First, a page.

Friday, April 19, 2013

What a difference a week makes...

I had a terribly stressful week last week. I was bogged down with an avalanche of papers as I tried to get my tax stuff together. It was pretty much all in one place, but all those medical receipts & bills still needed to be organized & counted. It was so stressful that I was lying awake at night, thinking of what needed to be done, until I finally would have to get up in the wee hours, creep into my office, shut the door & turn on the light, and do what I could for a few hours. Ugh. Then I stressed that Barb, the tax lady from last year, wouldn't have time to prepare our returns since I had left it to the last minute. Happily, the first "tender mercy" of the week was a perfect appointment at 9:30 on Thursday morning, April 11th. Sweet Barbara - when I told her how anxious I'd been, she said, "oh, don't ever worry about your taxes. I'll take care of everything." It was such a blessing.
Friday, the 12th, I was scheduled for CT scans and a brain MRI. More stress. Every little ache & pain felt like the beginnings of a new tumor...or three...or 12. I imagined my brain would be bulging with tumors since headaches were coming and going all week. It was the same as it always is just before my scans, but my stress level seemed twice as huge. I wanted so much to be able to qualify for the PD-1 trial, but new tumors would certainly disqualify me. No wonder my stomach was in knots and my head was pounding.
Next tender mercy was that my new port worked absolutely perfectly! First poke - and no numbing cream! - and blood tests were done and I was accessed for the scan IV! This HAD to be a good sign! Scans were quick & easy, and the MRI seemed to take much less time than usual. Dean & Ness were in the waiting room & had been visited by the lady with the snack cart, so they were happy. The only downside was that I would have to wait through the weekend until Tuesday to get the results from Dr. Grossmann.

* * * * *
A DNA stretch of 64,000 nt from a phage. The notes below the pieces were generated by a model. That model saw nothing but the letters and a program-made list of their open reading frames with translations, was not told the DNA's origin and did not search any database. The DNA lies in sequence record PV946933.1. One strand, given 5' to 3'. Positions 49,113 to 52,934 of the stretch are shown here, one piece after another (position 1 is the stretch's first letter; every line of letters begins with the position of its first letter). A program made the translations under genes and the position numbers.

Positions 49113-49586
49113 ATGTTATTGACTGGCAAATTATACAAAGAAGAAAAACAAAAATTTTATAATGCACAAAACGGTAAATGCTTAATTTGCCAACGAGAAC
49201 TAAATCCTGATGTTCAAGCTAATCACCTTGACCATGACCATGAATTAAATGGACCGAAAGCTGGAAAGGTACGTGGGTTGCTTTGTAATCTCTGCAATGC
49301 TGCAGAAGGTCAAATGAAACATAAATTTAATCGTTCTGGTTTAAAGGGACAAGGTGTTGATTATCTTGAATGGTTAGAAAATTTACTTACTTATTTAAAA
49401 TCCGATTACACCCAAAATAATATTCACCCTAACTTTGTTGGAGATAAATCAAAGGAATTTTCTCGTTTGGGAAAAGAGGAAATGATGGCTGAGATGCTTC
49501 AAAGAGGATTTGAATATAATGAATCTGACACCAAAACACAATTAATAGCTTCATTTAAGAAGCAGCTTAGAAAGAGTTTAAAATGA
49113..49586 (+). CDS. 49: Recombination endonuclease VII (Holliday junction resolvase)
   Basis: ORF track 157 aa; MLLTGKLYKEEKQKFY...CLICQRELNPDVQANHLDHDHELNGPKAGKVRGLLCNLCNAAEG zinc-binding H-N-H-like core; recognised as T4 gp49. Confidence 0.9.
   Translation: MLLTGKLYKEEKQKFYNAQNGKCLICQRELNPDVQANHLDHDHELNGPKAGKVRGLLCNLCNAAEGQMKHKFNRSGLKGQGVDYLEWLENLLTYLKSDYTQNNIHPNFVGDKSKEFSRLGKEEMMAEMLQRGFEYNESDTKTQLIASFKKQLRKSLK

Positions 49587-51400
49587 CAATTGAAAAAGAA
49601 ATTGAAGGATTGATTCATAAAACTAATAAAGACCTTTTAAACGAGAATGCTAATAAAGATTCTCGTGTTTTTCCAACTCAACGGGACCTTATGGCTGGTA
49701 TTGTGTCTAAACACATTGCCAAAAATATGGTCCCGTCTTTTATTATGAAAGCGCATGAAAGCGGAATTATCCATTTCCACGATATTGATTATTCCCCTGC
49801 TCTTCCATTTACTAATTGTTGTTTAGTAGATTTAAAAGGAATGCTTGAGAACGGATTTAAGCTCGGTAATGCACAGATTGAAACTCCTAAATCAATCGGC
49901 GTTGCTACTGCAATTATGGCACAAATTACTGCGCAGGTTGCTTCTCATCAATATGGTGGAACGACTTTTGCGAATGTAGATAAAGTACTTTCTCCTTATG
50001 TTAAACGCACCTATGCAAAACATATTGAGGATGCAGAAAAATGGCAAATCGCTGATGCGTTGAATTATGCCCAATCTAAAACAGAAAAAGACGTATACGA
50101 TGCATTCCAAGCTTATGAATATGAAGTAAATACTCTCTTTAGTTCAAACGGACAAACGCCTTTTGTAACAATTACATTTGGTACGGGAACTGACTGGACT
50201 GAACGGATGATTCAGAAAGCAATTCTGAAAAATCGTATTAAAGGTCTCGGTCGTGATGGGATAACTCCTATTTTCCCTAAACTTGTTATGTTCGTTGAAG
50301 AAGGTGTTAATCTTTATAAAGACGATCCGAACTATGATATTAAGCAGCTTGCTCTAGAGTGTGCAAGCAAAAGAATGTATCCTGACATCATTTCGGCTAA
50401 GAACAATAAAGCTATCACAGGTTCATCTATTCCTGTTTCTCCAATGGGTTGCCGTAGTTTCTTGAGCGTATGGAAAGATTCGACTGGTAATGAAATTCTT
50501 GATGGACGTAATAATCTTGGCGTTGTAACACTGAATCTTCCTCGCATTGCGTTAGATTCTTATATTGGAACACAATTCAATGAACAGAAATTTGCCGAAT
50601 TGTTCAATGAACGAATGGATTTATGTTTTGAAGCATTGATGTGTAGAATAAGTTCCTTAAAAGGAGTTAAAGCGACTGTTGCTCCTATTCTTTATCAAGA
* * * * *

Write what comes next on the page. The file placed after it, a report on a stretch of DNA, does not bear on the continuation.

On Tuesday morning, Linds & I were at the clinic a little before 10 AM. No early blood work since I'd already had tests before the scans. Hopefully, Dr. G was already looking over them and going over the scan results. After checking in, I sat beside Linds in the waiting area. I saw Dr. G come into the clinic & he gave me a small wave, but didn't smile. I was more nervous than ever. I always imagine the worst, the dialogue of bad news ever present in my mind. I imagine the words & how I'd react, the weight of them heavy on my heart. I can never seem to imagine good news...maybe because I know how that would feel. Finally we were called back into the exam room. We were both pretty quiet. Later, Lindsey said she was worried when she didn't see Darren, the trial manager. It seemed to prove that I hadn't qualified for the trial. Scary. Dr. Grossmann came in at last & after saying hello, he sat down at the computer and stated, "Well, your scans look great. There is definite improvement." Did we hear him right? Both Linds & I start asking questions - are the existing tumors shrinking? are there new tumors? Dr. G explains that I'm a "slow responder" - that the IPI was still working and working well. Two of the liver tumors had shrunk "significantly" & the third was hard to pick out on the scan - too small now?? The groin tumors were also smaller and my brain looked "wonderful". There was one little glitch and that was that I can now feel the small tumor on the left side of my back, though it could not be felt before. Dr. G wondered if that could have come about because of my drastic weight loss. He also looked at the blood tests and said that the iron infusions had worked & my blood levels were now normal. He was somewhat concerned about my liver function levels that had slowly trended higher for the past few months. He wanted me to have a specialized blood test as soon as possible; if it continued to go "up", there might be a need for a liver biopsy. Otherwise, he declared that since the IPI was continuing to work, I would not need to apply for the trial but would go back on a 3-month scan schedule, which meant I would not need to go back to Huntsman until July (other than for the liver test). Oh happy day! Both Linds & I were in shock! It was a "good news day"!